Meet Our Candidates: Barbara LaWall for Pima County Attorney

The Arizona primary election will be held on August 30, 2016. Reproductive health care access has been under attack, both nationally and statewide, but Planned Parenthood Advocates of Arizona has endorsed candidates who have shown strong commitment to reproductive justice. To acquaint you with our endorsed candidates, we are running a series called “Meet Our Candidates.” In order to vote in the primary election, you must register to vote by August 1 — and can even register online. Make your voice heard in 2016!

Barbara LaWallIncumbent Barbara LaWall is running for reelection to continue serving as Pima County Attorney — a position she has held for five terms since first being elected in 1996. She was the first woman to hold that office, and she has used her position to bring her vision for the Pima County Attorney’s Office to life. Earlier this year, in a television interview with Jim Nintzel, she said that when her predecessor retired, she ran to fill his seat so she could “engage the community and forge relationships with neighborhoods and schools and businesses.” This kind of community outreach could allow the prosecutor’s office to give children the resources they needed to make good life decisions, steering potential criminals down a more productive path. Just as preventive health care saves money and anguish down the road, so too do programs designed to prevent crime from flourishing.


“The primary element of human liberty is the freedom to control our own bodies, and a major aspect of that is the freedom to make our own medical decisions.”


Despite the improvements that have been implemented over the past two decades, Ms. LaWall says she’s not ready to retire. As she told Nintzel, “I am still very much engaged in this office. It is my calling and my passion … I have a few more ideas that I’d like to bring to the office, and I’m ready to keep on going.” In the below interview, she elaborates on some of the positive changes she has made as Pima County Attorney, as well as some of the ideas she plans to enact during her next term.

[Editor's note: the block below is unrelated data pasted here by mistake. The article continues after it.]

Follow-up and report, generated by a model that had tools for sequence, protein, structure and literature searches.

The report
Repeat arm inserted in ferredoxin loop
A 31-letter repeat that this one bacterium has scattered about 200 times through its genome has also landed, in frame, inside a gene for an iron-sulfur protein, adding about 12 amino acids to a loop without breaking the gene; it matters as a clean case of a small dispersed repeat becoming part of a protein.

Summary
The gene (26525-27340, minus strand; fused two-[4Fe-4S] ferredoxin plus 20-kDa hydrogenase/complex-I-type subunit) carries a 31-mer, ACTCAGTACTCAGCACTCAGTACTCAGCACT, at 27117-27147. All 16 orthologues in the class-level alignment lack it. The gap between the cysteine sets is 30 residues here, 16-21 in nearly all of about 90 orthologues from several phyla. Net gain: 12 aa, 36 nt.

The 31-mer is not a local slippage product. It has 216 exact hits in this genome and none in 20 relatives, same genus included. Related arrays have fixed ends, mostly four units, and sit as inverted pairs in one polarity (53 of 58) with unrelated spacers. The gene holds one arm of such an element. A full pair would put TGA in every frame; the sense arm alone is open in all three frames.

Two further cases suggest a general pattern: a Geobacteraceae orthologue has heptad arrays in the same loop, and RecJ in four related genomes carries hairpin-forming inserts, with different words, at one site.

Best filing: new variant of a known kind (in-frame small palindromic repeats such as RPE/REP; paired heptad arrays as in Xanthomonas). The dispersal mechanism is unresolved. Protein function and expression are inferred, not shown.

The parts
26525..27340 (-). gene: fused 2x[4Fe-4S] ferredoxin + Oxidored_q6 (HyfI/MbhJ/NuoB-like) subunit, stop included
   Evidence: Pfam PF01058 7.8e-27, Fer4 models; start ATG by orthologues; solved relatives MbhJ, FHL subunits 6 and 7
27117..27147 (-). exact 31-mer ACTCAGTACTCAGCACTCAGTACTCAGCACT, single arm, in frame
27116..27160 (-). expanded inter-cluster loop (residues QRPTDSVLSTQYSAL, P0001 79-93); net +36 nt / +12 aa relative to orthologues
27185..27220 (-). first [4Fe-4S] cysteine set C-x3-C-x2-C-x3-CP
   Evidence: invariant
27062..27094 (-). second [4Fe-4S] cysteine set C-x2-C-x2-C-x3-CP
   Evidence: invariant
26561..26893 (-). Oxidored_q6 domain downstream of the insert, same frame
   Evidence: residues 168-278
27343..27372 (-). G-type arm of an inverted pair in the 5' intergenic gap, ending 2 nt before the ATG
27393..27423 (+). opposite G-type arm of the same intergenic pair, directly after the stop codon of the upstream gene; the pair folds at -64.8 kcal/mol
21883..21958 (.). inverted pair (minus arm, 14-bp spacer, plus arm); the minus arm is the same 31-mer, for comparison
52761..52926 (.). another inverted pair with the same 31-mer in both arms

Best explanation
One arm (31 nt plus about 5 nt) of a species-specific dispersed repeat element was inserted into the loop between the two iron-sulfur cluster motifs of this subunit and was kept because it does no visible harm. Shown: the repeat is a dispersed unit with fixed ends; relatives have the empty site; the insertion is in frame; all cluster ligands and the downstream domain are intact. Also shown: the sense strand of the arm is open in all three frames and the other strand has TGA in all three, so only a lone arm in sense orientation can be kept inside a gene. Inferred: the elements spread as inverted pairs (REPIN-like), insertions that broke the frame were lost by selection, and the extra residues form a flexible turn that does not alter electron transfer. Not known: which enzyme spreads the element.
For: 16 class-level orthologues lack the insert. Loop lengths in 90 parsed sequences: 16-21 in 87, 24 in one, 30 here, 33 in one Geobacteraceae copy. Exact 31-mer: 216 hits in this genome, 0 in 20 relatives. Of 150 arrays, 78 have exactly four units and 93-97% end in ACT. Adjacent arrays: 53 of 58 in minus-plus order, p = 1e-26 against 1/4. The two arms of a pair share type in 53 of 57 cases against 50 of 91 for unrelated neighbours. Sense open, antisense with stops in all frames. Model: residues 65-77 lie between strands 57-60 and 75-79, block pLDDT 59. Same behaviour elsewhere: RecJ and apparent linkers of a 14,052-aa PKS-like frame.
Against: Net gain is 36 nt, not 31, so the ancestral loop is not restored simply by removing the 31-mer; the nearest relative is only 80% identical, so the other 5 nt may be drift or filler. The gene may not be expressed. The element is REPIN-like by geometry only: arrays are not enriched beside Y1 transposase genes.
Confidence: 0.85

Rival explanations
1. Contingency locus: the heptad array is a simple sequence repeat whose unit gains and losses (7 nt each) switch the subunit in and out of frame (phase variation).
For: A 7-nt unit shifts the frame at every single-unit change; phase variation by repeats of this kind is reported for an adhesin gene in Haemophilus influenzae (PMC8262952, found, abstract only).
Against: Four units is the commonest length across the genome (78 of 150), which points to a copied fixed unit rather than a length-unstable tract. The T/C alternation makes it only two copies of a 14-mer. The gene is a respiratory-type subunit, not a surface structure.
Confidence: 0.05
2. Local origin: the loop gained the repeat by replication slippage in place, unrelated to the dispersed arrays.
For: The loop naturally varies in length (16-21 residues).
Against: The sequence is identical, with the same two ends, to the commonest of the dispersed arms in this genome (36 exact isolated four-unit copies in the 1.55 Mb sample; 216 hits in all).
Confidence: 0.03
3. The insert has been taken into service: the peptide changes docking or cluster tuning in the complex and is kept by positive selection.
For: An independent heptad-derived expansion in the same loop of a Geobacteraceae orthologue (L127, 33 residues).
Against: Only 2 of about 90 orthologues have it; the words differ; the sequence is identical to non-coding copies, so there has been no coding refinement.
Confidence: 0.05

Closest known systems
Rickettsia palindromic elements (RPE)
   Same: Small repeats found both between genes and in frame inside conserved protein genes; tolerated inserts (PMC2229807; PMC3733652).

Her work as Pima County’s top prosecutor was recognized earlier this year, when the Arizona Women Lawyers Association presented her with the 2016 Sarah Herring Sorin Award — an award that was named in honor of Arizona’s first female attorney, and that was given to Ms. LaWall “in recognition of her long-time support and encouragement for the advancement of women in the legal profession.”

Ms. LaWall’s candidacy is endorsed by Planned Parenthood Advocates of Arizona, and on July 24, she kindly took the time to answer our questions about her record as Pima County attorney and her campaign for reelection.

Tell us a little about your background.

I grew up in Tucson. My grandparents on both sides were immigrants who came to this country to find the American dream. My parents were first generation Americans and the first in their families to graduate from high school. My dad was an auto parts salesman and my mom worked as a secretary on the airbase. My sister and I were the first generation to attend college. Continue reading

When It Happens to a Friend

April is Sexual Assault Awareness and Prevention Month.

You probably know someone who’s been a victim of sexual assault.

It’s an unsettling thought, yes, but the statistics bear it out. Somewhere between 17 and 28 percent of women* have been victims of rape, attempted rape, or sexual assault. According to those same sources, the numbers range from 3 to 17 percent for men.* They increase further for members of particular populations or communities, including Native American and Alaskan women; gay, lesbian, and queer folk; people with disabilities; and trans* people.


There are many ways you can support a friend who has been sexually assaulted.


Nearly every victim, every survivor, has a first person they tell — someone they confide in to help make sense of what happened, to help begin the healing process. Unfortunately, I know too well that sometimes the first person told only compounds the hurt. So I’m writing this based on what I wish people had done for me.

How should you respond if a sexual assault survivor reaches out to you?

Believe the survivor. We live in a culture that regularly disbelieves, minimizes, and judges victims of sexual assault. Additionally, there’s a strong chance that the victim knew the attacker before the assault — and a reasonable chance that both are members of a mutual social circle or community. In this light, it can be incredibly stressful for a survivor to speak up about an assault. Simply telling that person, “I believe you,” can offer immense support and relief.

Don’t second guess the decisions a survivor made before the assault or the reactions your friend experienced during or afterward. Continue reading